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Watching Mac OS X File Events from Windows: A Guide for .NET and Java Developers

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With "only a little Java code and a third-party product," Bob Reselman was able to make Windows pay attention to the goings-on of a Macintosh server. Here's how he did it.
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Platform interoperability has long been the Holy Grail of software development. Although there has been a high degree of success creating code that will run on a variety of operating systems, such code has been used pretty much in high-level programming activity such as data access forms and browser-based web applications. For those of us who are concerned with lower-level, file system programming, writing cross-platform code can be a frustrating affair.

A while ago I was confronted with a problem, the solution of which is the focus of this article. I was writing a web-based .NET program that worked with enterprise-wide file systems. The newspaper publishing company where I work uses computers running both Windows and Macintosh OS X operating systems on the desktop and for file servers. One of my program's features required that it monitor the state of files on a Mac box running OS X Server. My application needed to be aware of when a file was added to a directory, when it was changed, and when it was removed. .NET ships with a FileSystemWatcher class that allows programs to monitor Windows-based file activity to a very high degree of granularity, but the class didn't work when it came to watching OS X–based files, so I needed to find an alternative way to solve this problem. The good news is that I found one—and, surprisingly, the solution required that I write only a little Java code and use a third-party product.

This article shows you how to write a Java-based Mac OS X file-monitoring program that communicates with an ASP.NET application via HTTP. I'll cover a bit of the impressive open source Eclipse development environment that I used to create the Mac application. In addition, I'll introduce you to the third-party component that I used to do the bulk of the file-monitoring work. I'll talk to you as an experienced .NET developer with fundamental knowledge of Java—and practically no knowledge of the innards of the Mac OS X operating system.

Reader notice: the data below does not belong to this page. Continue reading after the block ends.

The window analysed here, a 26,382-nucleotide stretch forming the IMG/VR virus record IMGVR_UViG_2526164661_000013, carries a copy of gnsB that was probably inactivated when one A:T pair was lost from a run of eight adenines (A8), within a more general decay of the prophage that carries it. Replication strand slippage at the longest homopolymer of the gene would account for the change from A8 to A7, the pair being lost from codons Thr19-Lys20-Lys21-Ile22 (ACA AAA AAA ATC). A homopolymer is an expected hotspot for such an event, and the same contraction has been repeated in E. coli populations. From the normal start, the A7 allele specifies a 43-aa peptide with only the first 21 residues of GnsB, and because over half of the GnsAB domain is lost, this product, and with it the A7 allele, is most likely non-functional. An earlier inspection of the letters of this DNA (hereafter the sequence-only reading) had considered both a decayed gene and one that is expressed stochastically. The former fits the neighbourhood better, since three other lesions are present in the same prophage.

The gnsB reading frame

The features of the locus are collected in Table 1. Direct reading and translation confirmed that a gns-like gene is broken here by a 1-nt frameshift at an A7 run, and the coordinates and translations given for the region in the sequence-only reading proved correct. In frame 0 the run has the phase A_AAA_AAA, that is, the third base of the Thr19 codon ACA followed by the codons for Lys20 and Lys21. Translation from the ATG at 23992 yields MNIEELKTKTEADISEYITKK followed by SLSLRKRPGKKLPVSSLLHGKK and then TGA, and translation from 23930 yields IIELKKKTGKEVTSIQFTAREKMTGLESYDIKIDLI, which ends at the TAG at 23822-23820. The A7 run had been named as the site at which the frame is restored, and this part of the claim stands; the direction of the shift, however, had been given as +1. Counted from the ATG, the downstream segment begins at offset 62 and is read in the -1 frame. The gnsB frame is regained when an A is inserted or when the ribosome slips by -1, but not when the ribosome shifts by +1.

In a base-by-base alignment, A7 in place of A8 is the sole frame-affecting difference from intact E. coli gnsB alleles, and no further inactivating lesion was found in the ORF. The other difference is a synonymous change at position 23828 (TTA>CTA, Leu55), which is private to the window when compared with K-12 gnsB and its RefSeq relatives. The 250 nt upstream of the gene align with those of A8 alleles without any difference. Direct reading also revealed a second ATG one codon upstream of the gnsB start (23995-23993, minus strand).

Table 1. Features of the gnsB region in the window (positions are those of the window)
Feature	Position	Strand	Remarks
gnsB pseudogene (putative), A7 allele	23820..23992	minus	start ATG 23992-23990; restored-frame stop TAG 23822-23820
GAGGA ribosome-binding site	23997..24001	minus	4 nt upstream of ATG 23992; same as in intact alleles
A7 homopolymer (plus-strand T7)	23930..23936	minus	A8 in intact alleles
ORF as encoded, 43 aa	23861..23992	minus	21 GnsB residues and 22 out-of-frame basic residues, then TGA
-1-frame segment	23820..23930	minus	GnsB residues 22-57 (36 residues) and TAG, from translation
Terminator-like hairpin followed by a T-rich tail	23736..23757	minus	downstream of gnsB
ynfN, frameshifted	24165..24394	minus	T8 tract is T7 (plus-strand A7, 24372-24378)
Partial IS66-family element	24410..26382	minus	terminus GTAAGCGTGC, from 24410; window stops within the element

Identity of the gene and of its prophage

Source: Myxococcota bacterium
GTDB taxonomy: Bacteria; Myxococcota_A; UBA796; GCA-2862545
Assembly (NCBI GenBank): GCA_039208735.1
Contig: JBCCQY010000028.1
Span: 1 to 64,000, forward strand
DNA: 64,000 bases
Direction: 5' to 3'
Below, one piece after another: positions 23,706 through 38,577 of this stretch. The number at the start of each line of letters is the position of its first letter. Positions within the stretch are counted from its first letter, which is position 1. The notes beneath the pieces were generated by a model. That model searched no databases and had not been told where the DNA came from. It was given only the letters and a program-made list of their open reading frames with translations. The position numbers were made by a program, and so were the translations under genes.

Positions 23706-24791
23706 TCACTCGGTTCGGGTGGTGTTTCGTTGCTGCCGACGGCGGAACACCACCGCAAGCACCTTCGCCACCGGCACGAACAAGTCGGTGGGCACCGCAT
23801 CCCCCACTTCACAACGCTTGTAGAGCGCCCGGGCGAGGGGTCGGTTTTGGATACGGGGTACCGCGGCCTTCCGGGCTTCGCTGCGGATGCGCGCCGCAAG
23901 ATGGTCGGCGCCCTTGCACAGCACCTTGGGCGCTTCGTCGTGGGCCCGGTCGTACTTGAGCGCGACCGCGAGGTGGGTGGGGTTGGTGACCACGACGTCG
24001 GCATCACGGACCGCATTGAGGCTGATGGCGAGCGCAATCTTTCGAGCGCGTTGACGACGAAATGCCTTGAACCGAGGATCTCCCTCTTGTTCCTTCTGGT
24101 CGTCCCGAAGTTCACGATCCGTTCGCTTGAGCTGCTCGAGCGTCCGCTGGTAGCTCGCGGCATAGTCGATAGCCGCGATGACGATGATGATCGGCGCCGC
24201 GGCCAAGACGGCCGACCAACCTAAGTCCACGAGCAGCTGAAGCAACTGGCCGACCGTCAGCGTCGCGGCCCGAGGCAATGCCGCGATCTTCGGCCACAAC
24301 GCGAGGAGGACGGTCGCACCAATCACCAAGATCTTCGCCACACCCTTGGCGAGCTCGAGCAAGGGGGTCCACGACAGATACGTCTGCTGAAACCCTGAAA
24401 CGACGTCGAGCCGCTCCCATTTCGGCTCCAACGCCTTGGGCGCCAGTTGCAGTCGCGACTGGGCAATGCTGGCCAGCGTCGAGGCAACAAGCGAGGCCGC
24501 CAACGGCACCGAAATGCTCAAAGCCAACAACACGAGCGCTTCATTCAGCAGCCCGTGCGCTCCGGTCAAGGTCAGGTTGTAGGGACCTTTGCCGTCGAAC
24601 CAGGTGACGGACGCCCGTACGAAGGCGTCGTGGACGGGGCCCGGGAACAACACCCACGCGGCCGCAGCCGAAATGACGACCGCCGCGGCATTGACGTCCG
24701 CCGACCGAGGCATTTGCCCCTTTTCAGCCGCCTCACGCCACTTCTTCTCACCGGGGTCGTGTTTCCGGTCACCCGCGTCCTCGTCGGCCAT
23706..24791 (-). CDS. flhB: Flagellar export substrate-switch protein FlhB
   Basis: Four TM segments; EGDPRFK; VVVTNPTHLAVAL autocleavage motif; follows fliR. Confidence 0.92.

Architecture of the Application

As I mentioned earlier, I needed to be able to monitor OS X file system changes from a Windows environment. To achieve this goal, I decided to use a simple messaging architecture; when a file system change happened on an OS X computer, a message would be sent from the OS X machine to the Windows machine that was interested in the Mac's file system state. The transport mechanism that I used for sending messages from the OS X machine to the Windows machine was HTTP. It's a simple architecture, really—an Internet-aware Macintosh application watching the OS X file system and then communicating to a Windows-based web application via HTTP.

To monitor the OS X file system state, I created a Java application that uses an inexpensive third-class library, JNIWrapper. JNIWrapper ships with a FileSystemWatcher class that watches OS X file state; using associated classes, it sends a message when a file system state change occurs. On the Windows side, I created a simple ASP.NET application to receive and process HTTP-based notification messages from the OS X machine (see Figure 1). Using ASP.NET was incidental; I could have used PHP or any other Windows web application technology to receive the messages for the OS X machine.

Figure 01

Figure 1 The OS X to Windows architecture.

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